Depression—a mood disorder marked by feelings of sadness, mourning, emptiness and a lack of hope—can have a significantly negative impact on an individual’s quality of life. Its effects can be even more detrimental in cases of treatment-resistant depression, in which symptom relief is more difficult to achieve. So what constitutes treatment-resistant depression? And what can you do to best handle this persistent condition?
Instances of major depressive disorder (or MDD, commonly known as depression) are usually considered to be “treatment-resistant” after at least two antidepressant medications have been found to be ineffective in alleviating its symptoms. As with psychotherapy, antidepressant medication is often offered to patients with depression. Psychodynamic therapy and selective serotonin reuptake inhibitor (SSRI) medications are considered first-line treatments against depression, due to their high levels of efficacy and safety. Both treatments are FDA-approved to treat this condition.
However, despite their relatively high remission rates, over 40% of patients with MDD remain unresponsive to antidepressants and are considered to be treatment-resistant.
A case of treatment-resistant depression would be considered under one of two circumstances: low efficacy or an intolerability to the side effects of at least two types of medications.
Some patients with depression do not respond to the first two types of medication they were prescribed. Their depression would therefore be considered treatment-resistant due to low efficacy.
Certain cases of treatment-resistant, low-efficacy depression do show an initial positive response to the first two medications they were prescribed. However, this early experience of symptom alleviation may gradually erode as the patient develops a tolerance to the prescribed medications causing them to no longer provide the patient significant benefits.
Some patients are found to be treatment-resistant due to adverse side effects experienced from medication. Side effects such as headaches, insomnia, and diarrhea are among the more common adverse responses to medications that eventually lead to termination of treatment.
Beyond the above-mentioned ineffectiveness or adverse reactions to at least two types of antidepressants, there is currently no clear agreed-upon definition for treatment-resistant depression. This means that, for example, cases of increased symptom severity or longer duration would not necessarily be considered treatment-resistant.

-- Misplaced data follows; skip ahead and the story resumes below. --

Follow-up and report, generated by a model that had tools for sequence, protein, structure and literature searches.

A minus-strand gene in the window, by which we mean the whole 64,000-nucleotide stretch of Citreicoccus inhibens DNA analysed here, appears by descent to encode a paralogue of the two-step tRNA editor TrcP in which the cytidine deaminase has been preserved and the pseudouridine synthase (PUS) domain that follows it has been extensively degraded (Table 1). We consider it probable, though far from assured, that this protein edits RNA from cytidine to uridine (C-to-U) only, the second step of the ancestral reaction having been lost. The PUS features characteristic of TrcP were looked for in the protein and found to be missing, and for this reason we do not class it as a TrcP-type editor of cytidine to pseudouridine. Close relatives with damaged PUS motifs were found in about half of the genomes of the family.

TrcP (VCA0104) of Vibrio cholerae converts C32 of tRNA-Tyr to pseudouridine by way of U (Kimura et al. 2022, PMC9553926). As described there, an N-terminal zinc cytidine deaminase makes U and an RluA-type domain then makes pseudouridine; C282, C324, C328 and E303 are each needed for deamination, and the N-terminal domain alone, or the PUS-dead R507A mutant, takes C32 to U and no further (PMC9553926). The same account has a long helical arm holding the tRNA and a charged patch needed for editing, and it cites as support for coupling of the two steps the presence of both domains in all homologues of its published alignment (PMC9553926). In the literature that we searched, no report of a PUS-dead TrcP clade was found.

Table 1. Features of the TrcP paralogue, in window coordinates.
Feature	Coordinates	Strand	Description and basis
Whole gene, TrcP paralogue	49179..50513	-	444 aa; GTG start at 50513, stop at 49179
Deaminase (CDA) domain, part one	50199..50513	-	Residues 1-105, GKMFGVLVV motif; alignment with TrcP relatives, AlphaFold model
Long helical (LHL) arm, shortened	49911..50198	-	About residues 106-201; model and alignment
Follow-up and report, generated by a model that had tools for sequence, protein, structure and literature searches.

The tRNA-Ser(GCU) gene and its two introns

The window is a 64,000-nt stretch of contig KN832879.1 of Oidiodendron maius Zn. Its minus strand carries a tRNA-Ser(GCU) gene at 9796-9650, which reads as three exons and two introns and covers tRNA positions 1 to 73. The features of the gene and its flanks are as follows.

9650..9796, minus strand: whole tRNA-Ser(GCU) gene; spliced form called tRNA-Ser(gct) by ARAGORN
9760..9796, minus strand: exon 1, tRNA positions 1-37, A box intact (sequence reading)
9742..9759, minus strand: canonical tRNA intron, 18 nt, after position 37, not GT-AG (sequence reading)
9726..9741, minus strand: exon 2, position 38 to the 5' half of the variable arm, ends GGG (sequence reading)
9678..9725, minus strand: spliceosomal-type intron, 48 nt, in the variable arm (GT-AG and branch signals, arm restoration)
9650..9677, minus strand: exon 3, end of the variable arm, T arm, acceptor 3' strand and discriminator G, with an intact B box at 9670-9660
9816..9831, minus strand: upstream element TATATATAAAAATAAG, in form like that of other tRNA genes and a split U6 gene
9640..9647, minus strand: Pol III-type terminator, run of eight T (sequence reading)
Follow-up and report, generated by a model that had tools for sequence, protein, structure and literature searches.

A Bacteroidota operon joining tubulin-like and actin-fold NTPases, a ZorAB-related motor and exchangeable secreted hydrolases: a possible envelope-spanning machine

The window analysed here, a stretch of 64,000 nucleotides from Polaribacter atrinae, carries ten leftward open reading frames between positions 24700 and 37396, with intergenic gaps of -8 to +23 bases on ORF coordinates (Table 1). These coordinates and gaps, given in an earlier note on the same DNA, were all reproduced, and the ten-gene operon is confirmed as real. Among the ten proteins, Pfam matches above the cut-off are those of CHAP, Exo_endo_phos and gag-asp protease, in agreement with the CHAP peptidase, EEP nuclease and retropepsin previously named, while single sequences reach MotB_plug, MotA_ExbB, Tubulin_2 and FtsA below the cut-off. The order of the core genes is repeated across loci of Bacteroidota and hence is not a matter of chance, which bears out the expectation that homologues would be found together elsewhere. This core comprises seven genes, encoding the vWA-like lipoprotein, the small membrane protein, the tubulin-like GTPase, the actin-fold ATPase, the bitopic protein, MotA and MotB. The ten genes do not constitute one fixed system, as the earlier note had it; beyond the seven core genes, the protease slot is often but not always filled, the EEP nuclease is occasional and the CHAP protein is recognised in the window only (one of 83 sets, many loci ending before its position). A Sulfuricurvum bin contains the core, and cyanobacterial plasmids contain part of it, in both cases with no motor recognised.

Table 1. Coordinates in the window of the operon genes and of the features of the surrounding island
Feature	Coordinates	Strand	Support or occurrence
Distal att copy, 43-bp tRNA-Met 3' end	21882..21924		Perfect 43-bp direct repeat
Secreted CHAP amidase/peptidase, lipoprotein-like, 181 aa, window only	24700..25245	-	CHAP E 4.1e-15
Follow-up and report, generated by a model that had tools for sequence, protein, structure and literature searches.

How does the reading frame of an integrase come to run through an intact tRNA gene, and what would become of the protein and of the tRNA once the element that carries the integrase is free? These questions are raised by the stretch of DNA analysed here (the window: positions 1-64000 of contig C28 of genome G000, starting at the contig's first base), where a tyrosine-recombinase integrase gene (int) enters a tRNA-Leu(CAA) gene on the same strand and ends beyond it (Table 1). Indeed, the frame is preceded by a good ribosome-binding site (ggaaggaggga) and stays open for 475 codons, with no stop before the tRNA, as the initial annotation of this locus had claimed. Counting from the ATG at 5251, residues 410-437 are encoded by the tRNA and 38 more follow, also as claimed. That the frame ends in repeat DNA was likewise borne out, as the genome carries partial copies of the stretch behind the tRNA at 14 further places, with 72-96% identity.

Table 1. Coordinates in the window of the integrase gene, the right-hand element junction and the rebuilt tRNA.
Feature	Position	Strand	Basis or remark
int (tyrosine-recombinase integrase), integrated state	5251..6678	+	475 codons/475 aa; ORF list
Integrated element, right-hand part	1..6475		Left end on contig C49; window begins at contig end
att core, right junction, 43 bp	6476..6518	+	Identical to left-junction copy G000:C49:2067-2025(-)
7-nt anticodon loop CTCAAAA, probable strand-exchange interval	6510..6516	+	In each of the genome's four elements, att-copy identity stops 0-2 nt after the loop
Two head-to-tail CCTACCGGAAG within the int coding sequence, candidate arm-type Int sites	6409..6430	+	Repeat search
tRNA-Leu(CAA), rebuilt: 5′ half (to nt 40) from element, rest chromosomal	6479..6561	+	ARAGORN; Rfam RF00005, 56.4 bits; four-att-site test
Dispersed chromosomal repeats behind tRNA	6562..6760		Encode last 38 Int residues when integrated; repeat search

The lack of a conventional definition makes it more difficult to address the characteristics of treatment-resistant depression, compared to cases of depression that do respond to initial treatments.
That said, the existing definition of rejection of the first two treatments does manage to distinguish treatment-resistant depression from severe depression (in terms of symptom adversity). This is also distinguishable from long-term instances of depression or dysthymia, which is another depressive disorder whose definition includes longer bouts of depressive symptoms.
Treatment-resistant depression shares its symptoms with other forms of major depressive disorders. These include:
In addition to the above symptoms, many of those facing treatment-resistant depression experience increased frustration over their inability to reach symptom relief through more commonly prescribed treatment options. This difficulty can also exacerbate general symptoms of depression, causing them to become more severe or disruptive to the individual’s daily life.
Patients battling treatment-resistant depression have been shown to respond positively to a number of options:
Transcranial magnetic stimulation (TMS) is a non-invasive medical device treatment that utilizes electromagnetic pulses to regulate the neural activity of brain structures found to be associated with several mental health conditions. TMS can be beneficial in cases of treatment-resistant depression due to its own combination of safety and efficacy. More specifically, TMS has been shown to offer symptom relief to those suffering from depression both as a standalone treatment or in addition to other forms of treatment, including medication.
There are currently two types of TMS available on the market: traditional TMS and Deep TMS. Both types have been FDA-cleared to treat depression.